Robert Mapplethorpe



Robert Mapplethorpe | Listal/Estate of Robert Mapplethorpe | 14328

Robert Mapplethorpe was born on November 4, 1946 and died on March 9, 1989 of complications arising from Aids. He was an American photographer who was known for his large-scale, highly stylized black and white portraits, photos of flowers and nudes. A strong current of sexuality runs through much of Mapplethorpe’s work. There is even a self-portrait with a bullwhip inserted in his anus. The homoerotic nature of some of his work triggered a controversy about the public funding of artworks and in some cases led to exhibits and even complete exhibitions being withdrawn.


Andy Warhol | Robert Mapplethorpe | Estate of Robert Mapplethorpe | 14329

Arts in Company reports:

“A retrospective of Mapplethorpe’s work was organized by the University of Pennsylvania’s Institute of Contemporary Art, which had received $30,000 for the show from the National Endowment for the Arts (NEA). The retrospective, Robert Mapplethorpe: The Perfect Moment, included 150 of Mapplethorpe’s images: formal portraiture, flowers, children, and carefully posed, sexually explicit, erotic scenes, some of which were sadomasochistic including the “X Portfolio”. The exhibit was scheduled to tour seven cities throughout the United States.

As the show traveled, there were a wide variety of responses to the same material. For example, in Philadelphia and Chicago, early in the tour, the show went largely unremarked and generally received positive reviews. In Chicago, the show attracted record-breaking crowds at the city’s Museum of Contemporary Art.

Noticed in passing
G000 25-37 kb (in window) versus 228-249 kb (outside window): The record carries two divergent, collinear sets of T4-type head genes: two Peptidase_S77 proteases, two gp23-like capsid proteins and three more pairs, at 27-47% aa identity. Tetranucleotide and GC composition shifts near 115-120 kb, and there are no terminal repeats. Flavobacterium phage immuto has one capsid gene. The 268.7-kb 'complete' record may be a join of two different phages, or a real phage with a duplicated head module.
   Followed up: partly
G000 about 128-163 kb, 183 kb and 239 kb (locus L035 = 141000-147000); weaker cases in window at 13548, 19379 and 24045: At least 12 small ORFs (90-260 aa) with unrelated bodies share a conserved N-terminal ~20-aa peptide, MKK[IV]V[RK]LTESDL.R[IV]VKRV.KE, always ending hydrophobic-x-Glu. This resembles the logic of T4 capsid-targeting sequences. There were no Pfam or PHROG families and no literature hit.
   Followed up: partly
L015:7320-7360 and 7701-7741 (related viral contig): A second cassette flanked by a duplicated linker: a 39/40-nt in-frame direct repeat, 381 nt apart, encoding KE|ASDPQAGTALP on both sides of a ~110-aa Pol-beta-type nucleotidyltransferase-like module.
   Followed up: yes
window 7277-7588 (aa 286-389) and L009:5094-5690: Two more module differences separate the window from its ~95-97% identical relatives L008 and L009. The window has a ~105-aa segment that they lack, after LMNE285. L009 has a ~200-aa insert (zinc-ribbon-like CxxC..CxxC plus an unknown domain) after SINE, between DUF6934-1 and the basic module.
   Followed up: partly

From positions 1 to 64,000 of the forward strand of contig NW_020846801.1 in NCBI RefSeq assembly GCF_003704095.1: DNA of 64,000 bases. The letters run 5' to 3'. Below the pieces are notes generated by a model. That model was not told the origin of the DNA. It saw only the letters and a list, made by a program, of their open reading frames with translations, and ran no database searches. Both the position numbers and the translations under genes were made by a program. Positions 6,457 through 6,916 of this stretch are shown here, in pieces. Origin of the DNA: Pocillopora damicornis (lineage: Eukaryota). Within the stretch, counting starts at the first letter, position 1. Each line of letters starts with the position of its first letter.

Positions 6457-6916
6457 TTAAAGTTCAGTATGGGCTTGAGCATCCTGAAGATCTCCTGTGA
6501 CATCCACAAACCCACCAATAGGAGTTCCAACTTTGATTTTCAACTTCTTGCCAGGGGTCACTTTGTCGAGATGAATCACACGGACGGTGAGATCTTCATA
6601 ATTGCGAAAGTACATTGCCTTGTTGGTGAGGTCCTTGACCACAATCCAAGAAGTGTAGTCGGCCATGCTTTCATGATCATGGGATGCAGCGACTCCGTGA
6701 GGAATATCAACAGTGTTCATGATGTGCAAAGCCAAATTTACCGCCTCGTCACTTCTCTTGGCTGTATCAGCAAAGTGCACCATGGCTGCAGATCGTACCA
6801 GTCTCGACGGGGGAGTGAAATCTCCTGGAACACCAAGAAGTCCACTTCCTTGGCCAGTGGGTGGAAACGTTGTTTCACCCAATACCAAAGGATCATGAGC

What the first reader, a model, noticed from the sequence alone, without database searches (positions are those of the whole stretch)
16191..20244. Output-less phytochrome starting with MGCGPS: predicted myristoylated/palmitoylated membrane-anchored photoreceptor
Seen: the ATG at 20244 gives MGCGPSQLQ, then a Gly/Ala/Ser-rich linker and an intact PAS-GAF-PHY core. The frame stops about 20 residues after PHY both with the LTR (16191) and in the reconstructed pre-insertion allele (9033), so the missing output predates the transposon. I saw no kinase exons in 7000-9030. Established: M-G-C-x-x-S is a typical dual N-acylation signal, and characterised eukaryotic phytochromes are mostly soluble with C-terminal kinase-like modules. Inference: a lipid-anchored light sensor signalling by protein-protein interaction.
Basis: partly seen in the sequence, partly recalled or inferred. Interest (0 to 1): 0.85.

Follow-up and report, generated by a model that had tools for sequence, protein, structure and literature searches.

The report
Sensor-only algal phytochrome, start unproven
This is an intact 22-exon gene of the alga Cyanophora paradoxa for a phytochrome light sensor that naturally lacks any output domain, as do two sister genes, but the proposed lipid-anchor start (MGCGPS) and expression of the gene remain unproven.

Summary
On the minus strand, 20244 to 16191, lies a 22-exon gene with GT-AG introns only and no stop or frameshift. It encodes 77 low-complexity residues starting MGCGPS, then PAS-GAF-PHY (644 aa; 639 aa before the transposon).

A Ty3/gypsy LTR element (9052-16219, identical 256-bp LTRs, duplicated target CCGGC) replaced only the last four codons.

By the summer of 1989, however, with the show heading to the Corcoran Gallery of Art in Washington, D.C., outrage over Mapplethorpe’s work and the use of federal money to fund the exhibit grew to a fever pitch. Although most of the controversy focused on the gay sexual content of several of the photographs, many conservative leaders and critics also purported to find Mapplethorpe’s portraits of Black men racist and branded the nude studies of young children (both male and female) child pornography.

The outrage over Mapplethorpe’s work was fueled mainly by such conservative politicians as Jesse Helms, Dick Armey, and Alfonse D’Amato. Conservative cultural critic Richard Grenier, writing in the Washington Times, labeled Mapplethorpe “the great catamite” and fantasized about dousing the body of the photographer with kerosene and burning it.”



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